Films, recalling fairy-tale magic, transcend time and space, and play with their audience’s sense of (un)reality and (im)possibility. In director Tarsem’s live-action fairytale films The Fall and Mirror Mirror, the magic (but also realistic) compressions and extensions of time and space offer overlaps between heterospatiality (using multiple, diverse spaces) and heterotemporality (using multiple, diverse times). In both cases, Tarsem puts filmic magic and science—historical and current—to postmodern and implicitly resistant uses. The otherworldly realms of fairy tales make them a potential place and time for the play and work of a free mind.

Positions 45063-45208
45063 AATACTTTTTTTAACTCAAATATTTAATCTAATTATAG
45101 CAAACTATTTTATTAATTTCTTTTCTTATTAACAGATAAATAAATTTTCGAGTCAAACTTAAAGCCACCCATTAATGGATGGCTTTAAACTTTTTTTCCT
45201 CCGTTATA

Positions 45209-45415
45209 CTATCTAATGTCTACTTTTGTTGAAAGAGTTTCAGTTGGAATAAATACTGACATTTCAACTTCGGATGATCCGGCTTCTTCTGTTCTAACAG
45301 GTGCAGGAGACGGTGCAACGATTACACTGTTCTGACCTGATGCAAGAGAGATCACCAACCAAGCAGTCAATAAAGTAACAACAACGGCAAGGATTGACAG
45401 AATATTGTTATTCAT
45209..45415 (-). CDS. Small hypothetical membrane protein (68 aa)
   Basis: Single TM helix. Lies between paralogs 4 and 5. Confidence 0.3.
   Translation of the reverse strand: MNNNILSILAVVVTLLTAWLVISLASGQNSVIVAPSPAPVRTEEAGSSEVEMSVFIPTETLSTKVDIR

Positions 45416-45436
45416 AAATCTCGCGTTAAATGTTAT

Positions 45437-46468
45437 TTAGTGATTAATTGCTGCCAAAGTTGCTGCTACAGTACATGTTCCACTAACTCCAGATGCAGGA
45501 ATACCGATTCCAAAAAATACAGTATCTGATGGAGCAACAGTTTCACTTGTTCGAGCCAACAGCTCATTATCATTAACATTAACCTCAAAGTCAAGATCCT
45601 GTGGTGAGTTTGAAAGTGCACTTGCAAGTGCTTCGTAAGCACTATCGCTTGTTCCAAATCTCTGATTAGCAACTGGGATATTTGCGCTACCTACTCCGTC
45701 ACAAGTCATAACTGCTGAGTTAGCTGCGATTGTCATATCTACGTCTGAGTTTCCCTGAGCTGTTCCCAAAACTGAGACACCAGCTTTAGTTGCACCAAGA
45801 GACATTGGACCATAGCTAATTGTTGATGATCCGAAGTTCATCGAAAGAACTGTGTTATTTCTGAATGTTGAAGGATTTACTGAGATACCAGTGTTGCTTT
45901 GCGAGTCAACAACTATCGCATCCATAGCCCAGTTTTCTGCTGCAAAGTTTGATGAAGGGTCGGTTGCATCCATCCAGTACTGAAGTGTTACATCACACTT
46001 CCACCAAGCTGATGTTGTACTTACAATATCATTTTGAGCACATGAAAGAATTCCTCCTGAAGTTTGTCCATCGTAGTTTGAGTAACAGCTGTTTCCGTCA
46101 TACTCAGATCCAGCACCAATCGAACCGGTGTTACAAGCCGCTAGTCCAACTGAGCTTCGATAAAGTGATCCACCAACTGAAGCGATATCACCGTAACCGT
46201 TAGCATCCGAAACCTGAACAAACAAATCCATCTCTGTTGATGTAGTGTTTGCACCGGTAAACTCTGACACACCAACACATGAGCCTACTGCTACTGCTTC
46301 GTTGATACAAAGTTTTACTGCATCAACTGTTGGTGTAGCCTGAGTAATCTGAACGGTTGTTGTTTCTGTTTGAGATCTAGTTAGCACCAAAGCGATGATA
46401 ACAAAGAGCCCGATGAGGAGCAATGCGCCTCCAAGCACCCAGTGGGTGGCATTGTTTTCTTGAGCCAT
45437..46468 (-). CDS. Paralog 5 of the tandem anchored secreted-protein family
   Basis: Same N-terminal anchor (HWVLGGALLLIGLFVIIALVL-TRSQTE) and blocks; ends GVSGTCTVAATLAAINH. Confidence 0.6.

"Camera Obscura and Zoetrope: Tarsem and Magic/Reality in Transcultural Fairy-Tale Film,"
Narrative Culture: Vol. 6
, Article 3.
Available at: https://digitalcommons.wayne.edu/narrative/vol6/iss2/3